When I first started my gig at Grain, I was more than sensitive about sending out rejection letters. We have a standard template, the same sort that most journals use: We thank you for your submission but… best wishes with your writing. I know this is the standard template because I get rejection letters for my own work every few months and it’s depressing as hell. And since I am familiar with just how fucking depressing rejection letters can be, I do not enjoy this part of my job. It’s my least favourite thing to do.
I would often get so upset on Rejection Day (I would save them all up for one big sad afternoon, usually a Friday) that I would flee the office and drown my sorrows at the pub. My sympathy for writers in my first few months was maybe a bit unhealthy. Maybe. I discussed it with my colleagues and we worked out a new template with a checklist of the many, many reasons for why we reject pieces and thought that would encourage writers to submit different pieces that they felt didn’t have the flaws we saw, or maybe something of a different style. This was short-lived: not only did I underestimate the time it would take me to fill out that form letter for hundreds of rejections (yes, hundreds), but the responses I would get were problematic. They said either, “Thanks, I’ve got a good idea of what to send you next;” or, “You condescending piece of shit. You wouldn’t understand good work if it hit you in the face.” Paraphrasing, of course. We returned to our old standard, which garnered no responses of that sort. Call me a coward, but I’ll avoid hate mail if I can.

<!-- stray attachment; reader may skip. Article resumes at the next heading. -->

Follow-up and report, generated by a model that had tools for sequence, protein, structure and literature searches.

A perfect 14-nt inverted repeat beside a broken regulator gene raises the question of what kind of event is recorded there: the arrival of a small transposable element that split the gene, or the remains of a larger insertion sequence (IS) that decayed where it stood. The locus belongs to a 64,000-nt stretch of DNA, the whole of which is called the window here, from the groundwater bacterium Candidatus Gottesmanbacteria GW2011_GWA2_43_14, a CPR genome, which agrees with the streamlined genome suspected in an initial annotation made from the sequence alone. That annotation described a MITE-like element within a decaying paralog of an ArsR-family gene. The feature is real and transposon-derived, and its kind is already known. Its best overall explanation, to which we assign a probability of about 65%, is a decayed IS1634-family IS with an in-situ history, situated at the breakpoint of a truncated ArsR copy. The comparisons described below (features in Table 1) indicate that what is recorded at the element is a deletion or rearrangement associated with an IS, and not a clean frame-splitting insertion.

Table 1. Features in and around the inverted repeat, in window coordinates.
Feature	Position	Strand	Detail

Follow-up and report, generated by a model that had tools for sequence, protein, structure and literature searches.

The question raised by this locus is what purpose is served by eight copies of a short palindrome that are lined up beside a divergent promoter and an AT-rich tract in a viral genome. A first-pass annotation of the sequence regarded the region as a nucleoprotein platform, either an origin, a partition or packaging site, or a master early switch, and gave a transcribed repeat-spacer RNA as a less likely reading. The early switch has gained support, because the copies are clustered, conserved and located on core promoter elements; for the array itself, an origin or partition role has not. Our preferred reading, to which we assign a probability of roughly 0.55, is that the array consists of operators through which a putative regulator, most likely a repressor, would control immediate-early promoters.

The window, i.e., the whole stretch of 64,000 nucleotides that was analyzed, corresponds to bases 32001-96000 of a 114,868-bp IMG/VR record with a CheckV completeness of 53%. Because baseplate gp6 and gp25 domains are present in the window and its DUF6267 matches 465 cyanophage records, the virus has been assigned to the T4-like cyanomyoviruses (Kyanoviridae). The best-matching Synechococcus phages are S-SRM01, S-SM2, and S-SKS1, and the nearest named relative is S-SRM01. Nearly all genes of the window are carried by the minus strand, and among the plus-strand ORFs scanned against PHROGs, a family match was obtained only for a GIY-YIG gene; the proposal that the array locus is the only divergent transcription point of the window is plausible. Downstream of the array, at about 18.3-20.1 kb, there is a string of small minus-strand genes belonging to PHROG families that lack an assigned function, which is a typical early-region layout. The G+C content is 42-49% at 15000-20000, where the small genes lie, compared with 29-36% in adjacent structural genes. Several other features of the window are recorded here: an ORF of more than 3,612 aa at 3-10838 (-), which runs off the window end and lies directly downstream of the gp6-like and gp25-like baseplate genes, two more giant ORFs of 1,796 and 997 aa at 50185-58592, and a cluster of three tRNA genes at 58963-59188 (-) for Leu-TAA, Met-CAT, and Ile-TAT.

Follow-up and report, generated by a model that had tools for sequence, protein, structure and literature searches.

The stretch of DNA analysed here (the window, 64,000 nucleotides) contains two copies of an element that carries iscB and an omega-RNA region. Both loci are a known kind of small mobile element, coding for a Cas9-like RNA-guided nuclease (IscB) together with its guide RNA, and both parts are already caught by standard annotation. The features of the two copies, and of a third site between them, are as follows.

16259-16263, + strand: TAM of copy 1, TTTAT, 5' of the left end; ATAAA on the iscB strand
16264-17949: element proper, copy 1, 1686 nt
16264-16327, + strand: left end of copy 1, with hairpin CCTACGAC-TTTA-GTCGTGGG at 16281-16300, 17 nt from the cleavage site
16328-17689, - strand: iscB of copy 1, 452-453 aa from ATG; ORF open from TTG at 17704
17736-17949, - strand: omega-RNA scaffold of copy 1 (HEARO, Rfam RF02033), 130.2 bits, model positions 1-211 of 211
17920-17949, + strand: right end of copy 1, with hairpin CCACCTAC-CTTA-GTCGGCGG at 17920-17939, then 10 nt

So, as I collected my own rejection letters, I would often have a moment, Hey! That magazine says the same things to their writers that we say to our writers, and I would feel a kinship with whoever stuffed my envelope. If they didn’t say what we said, I looked at it with my [condescending piece of shit] editor’s eye and thought about what worked and what didn’t. My favourite rejections were the ones that had a note about what worked: “You submitted five poems. We thought this one was the best, but…” (Thanks, Fiddlehead!)
If a form letter took too much time, a personalized letter for every submission was unrealistic. The good Associate Editors and I agreed, though, that we would write critiquing/encouraging rejections for the submissions that made it past my desk and onto theirs. To accommodate for their extra time, I’d make sure less work made it past my desk and onto theirs. On the whole, that means I personally reject more work than ever, but every now and then, it’s worth it. My favourite reaction to a rejection letter thus far: “BEST REJECTION LETTER—EVER!”